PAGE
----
Despite welcoming millions of tourists every year, Barcelona remains under the radar of many travel couples.
I’ll admit: It wasn’t even on our bucket list when we booked our flights. We found insanely good deals on airfare back in October and booked the trip after doing minimal research.
Unlike some destinations that have become so wildly popular that you can practically see your photos already – like Bali’s famous Instagram swings, Cappadocia’s hot air balloons or Sri Lanka’s Nine Arch Bridge – Barcelona is a relatively hidden gem that boasts memorable cultural experiences, unique architecture, ancient history and plenty of stunning views.
With help from family, friends and followers, we curated Barcelona’s top must-sees (and must-dos) and created one awesome eight-day itinerary, which we’re excited to share with you!
This blog will give you a flavor of Barcelona, but we’ve intentionally limited the number of photos we’ve included so we don’t ruin some of the views for you 🙂 If you like what you see here, be sure to follow us on Instagram.
8-Day Barcelona Itinerary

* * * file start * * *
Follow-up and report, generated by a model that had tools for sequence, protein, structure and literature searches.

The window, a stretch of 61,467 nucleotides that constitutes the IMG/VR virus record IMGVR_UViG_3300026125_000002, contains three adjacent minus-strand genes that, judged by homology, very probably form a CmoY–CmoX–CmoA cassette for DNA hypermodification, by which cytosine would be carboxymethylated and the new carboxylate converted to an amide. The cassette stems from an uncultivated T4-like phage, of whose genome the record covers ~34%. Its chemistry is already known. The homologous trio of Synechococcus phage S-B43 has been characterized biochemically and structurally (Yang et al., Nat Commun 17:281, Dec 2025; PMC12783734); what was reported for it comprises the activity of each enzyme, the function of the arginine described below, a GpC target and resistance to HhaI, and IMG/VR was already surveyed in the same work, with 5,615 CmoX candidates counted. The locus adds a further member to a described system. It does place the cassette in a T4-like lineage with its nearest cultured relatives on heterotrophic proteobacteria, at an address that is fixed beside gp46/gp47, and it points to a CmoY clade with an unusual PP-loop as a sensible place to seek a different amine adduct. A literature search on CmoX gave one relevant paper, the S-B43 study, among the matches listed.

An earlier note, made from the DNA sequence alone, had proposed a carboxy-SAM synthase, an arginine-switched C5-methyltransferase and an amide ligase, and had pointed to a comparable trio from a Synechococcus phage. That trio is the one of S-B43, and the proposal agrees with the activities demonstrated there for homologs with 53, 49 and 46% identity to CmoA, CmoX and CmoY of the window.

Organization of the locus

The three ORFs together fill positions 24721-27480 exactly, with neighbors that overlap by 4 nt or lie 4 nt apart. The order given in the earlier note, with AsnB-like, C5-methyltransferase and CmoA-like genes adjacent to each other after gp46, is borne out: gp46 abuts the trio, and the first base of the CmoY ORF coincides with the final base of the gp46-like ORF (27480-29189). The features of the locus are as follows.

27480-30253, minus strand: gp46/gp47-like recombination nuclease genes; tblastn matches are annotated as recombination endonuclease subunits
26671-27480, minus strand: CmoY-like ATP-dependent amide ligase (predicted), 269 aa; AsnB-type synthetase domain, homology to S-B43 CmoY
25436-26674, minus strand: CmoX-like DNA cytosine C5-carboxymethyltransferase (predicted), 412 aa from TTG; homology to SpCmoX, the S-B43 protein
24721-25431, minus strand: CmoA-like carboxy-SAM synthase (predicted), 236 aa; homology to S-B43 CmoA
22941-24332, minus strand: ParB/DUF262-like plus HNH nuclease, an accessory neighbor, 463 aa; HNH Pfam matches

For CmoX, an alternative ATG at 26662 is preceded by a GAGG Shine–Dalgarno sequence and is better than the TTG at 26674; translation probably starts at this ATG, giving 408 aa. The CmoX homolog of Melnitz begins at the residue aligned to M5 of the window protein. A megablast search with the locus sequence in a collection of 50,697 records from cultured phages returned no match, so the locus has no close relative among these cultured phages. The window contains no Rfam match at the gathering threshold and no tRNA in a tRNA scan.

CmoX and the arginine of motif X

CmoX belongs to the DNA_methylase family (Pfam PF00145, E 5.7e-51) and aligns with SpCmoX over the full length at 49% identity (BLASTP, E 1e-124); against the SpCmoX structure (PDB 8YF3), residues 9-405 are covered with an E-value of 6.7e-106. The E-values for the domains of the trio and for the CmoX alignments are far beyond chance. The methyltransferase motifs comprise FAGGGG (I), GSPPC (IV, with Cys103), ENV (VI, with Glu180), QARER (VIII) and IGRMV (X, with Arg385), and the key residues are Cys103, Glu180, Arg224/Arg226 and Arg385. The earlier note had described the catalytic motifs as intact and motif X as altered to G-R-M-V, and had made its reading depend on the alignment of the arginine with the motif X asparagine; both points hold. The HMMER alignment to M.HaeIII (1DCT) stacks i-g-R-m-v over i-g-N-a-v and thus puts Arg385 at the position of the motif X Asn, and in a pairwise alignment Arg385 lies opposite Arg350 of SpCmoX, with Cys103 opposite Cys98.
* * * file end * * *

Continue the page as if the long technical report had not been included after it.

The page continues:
|Day 1||Travel Day|
|Day 2||Arrival + Exploring
Basilica of Santa Maria del Mar (tickets needed)
Museu Picasso (tickets needed)
|Day 3||Passeig de Gracia & Casa Milà, aka La Pedrera (tickets needed to go inside La Pedrera)
La Rambla & La Boqueria market
|Day 4||Paella Cooking Class at noon (tickets needed)
Barcelona Cathedral (tickets needed)
Parc de la Ciutadella
Flamenco Show at Tablao Flamenco Cordobes Barcelona (tickets needed)
|Day 5||Montjuïc Castle + Guided Tour (tickets needed)|
|Day 6||Park Güell (tickets needed) & La Gracia Neighborhood
La Sagrada Familia + Tower Tour (tickets needed)
|Day 7||Barceloneta Beach
|Day 8||Travel Day|
What to Do and See in Barcelona, Spain
Barri Gòtic (Gothic Quarter)
The Gothic Quarter – also referred to as Old Town – is where the city’s history begins. This is where the Romans founded the settlement “Barcino” around 15-10 BC.
The city was once surrounded by Roman walls and towers, which were later demolished in the 19th century to make room for the expanding city. Still, some of the remains can be seen in the Gothic Quarter, making this area a fascinating place to explore.
Its history, charm and long list of attractions will surely draw you in and keep you coming back to the Gothic Quarter during your stay in Barcelona.